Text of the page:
NEW YORK A shareholder sued Freddie Mac
FRE.N, its chief executive and others on Wednesday, alleging
the No. 2 U.S. home funding company did not take adequate steps
to protect itself from problems in the mortgage industry.
Scott Reimer, a shareholder, said in the complaint filed in
U.S. District Court in Manhattan that Freddie Mac, Chief
Executive Richard Syron and some other executives did not
adequately implement risk control measures to protect the
company from acquiring billions of dollars worth of mortgages
with poor underwriting standards.
"Moreover, the company's procedures for appraisals led to
many inflated appraisals, increasing the risk of defaults," it
said. "Ultimately, the company has reported billions of dollars
in losses, has been mentioned in investigations by the New York
attorney general and announced it must raise new capital to
meet regulatory requirements."
The suit, which asks for class action status, seeks to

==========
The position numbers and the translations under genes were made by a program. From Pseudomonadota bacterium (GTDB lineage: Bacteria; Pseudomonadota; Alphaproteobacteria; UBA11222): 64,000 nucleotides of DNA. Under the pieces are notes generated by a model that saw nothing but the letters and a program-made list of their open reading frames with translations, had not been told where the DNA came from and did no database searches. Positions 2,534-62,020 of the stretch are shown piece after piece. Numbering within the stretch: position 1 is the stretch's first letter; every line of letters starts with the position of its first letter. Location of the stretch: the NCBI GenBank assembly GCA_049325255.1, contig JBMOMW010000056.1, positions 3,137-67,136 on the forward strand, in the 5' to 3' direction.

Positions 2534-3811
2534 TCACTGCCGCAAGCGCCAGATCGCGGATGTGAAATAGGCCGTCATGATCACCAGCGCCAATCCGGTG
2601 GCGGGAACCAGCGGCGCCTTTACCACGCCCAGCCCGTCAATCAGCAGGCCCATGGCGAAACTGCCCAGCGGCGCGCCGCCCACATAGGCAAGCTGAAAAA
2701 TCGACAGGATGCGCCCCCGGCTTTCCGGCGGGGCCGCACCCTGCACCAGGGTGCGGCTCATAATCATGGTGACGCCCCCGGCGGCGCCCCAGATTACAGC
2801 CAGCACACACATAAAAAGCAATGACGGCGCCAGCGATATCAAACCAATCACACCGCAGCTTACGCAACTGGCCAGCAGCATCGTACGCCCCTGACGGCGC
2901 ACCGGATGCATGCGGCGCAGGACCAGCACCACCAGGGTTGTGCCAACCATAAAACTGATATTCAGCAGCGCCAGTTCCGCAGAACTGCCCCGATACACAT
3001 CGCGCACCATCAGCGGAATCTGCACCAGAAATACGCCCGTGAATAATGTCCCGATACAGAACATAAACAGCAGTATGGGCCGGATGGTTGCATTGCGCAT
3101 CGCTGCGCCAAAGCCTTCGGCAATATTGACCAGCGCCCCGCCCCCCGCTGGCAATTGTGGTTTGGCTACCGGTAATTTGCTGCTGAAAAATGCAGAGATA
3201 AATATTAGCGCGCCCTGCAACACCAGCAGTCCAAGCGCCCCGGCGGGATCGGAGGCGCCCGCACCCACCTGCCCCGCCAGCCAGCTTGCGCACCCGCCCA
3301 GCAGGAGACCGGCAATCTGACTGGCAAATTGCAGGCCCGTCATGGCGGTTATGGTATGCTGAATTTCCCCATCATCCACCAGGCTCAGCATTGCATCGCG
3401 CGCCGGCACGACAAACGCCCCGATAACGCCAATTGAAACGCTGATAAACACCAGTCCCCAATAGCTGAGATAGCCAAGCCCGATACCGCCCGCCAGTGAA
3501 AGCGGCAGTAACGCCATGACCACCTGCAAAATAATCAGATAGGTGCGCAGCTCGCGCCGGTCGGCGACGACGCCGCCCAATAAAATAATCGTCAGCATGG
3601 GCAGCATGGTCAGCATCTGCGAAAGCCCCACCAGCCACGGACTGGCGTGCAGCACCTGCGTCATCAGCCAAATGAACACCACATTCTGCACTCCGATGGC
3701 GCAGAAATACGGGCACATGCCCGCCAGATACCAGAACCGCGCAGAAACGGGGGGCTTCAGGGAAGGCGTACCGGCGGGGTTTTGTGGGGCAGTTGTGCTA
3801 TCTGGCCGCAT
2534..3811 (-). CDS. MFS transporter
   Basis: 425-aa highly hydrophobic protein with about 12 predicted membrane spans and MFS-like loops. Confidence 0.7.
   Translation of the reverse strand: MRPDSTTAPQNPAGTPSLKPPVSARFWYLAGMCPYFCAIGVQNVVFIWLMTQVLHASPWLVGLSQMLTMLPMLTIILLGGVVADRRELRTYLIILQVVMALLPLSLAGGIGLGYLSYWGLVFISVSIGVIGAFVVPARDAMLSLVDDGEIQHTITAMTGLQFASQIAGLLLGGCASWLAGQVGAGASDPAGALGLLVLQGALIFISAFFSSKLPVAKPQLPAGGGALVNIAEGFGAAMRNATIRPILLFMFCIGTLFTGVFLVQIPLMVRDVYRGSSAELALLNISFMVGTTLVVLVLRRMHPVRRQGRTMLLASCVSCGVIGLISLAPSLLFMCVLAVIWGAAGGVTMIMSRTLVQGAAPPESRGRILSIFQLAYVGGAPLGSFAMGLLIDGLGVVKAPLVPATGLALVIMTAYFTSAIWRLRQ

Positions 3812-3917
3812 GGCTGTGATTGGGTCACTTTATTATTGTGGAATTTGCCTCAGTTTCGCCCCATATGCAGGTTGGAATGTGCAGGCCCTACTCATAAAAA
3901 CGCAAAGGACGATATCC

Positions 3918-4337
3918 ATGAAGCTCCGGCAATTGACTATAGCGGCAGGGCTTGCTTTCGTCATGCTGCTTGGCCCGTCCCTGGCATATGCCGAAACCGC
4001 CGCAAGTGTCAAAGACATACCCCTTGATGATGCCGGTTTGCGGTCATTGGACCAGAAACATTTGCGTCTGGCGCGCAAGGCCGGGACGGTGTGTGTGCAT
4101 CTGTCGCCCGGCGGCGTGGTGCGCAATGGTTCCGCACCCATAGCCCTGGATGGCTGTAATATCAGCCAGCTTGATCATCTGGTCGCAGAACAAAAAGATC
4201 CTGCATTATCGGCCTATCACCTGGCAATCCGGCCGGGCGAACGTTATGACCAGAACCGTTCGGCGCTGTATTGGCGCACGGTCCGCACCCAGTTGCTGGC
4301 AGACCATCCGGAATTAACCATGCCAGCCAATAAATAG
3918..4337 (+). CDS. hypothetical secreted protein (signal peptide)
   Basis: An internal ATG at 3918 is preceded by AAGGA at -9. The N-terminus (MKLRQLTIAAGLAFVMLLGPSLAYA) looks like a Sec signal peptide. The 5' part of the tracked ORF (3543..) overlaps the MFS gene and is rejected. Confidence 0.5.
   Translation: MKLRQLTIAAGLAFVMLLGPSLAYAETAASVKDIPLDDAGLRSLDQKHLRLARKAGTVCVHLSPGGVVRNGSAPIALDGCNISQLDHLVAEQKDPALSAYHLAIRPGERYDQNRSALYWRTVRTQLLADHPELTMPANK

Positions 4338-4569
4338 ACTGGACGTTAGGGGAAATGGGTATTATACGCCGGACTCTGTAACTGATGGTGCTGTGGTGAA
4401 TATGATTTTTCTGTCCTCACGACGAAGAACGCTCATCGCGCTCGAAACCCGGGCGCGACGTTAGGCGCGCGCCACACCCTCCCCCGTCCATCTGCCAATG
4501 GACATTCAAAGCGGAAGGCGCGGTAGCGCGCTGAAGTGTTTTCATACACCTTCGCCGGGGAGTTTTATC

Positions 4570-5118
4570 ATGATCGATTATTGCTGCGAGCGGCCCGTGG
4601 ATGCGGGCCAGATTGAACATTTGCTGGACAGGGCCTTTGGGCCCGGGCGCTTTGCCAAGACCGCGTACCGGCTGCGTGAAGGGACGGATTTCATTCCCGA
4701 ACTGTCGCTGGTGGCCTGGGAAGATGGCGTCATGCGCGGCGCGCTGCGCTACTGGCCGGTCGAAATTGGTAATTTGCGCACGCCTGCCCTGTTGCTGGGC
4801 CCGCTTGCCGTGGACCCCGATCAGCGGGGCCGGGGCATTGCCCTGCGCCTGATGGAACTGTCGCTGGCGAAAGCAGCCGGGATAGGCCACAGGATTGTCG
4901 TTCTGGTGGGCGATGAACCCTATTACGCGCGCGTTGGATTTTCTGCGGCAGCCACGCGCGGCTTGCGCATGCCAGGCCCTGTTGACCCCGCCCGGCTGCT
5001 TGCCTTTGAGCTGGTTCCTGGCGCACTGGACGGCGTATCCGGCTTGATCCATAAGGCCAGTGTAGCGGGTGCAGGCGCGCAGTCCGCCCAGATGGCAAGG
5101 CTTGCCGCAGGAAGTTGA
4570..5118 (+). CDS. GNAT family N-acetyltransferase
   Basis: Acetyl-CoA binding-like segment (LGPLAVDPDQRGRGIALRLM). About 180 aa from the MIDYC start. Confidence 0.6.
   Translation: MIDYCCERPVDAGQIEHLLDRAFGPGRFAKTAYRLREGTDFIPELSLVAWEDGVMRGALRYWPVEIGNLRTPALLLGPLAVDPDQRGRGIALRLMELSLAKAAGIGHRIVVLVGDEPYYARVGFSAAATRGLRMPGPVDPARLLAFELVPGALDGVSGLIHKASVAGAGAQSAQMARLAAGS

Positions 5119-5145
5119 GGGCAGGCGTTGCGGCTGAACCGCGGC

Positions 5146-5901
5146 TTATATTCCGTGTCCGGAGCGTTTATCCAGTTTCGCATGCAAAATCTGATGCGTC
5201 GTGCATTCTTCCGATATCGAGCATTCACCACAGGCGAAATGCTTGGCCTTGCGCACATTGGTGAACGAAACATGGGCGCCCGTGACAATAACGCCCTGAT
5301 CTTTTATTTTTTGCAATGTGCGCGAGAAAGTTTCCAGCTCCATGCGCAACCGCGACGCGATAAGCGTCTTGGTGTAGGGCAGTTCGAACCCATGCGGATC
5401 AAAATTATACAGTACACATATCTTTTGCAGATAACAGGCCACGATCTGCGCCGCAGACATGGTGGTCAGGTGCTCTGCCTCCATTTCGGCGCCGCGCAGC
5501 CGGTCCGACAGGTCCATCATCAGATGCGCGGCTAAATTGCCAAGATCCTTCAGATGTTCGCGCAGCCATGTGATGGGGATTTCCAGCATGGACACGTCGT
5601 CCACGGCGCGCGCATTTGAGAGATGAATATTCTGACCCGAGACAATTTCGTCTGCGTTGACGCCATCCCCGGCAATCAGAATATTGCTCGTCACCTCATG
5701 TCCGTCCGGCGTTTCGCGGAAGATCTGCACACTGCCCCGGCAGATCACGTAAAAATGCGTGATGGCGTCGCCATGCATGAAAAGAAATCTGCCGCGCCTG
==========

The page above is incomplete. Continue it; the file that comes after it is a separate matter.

represents purchasers of Freddie Mac shares between Aug. 1,
2006 and Nov. 19, 2007.
Freddie Mac said it did not comment on matters of
litigation. But it added that "accurate appraisals are
fundamental to our effective credit risk management, as well as
to the long-term success of the home buyers we are chartered to
"Freddie Mac has no incentive to accept inflated appraisals
on the loans we purchase and guarantee," it said in an e-mailed
statement. "Indeed, Freddie Mac has a long-standing commitment
to fighting mortgage fraud."
Government-sponsored enterprises Fannie Mae FNM.N, the
largest U.S. home funding company, and Freddie Mac have been
hit by mounting losses as home foreclosures continue to rise
and the credit crisis drains the value of mortgages they own.
On Tuesday, Freddie Mac reported a $2 billion net loss for
the third quarter and said it might slash dividends by 50
percent or use other means to boost its capital as the downturn
in the housing market worsens.
(Reporting by Paritosh Bansal; editing by Gary Hill and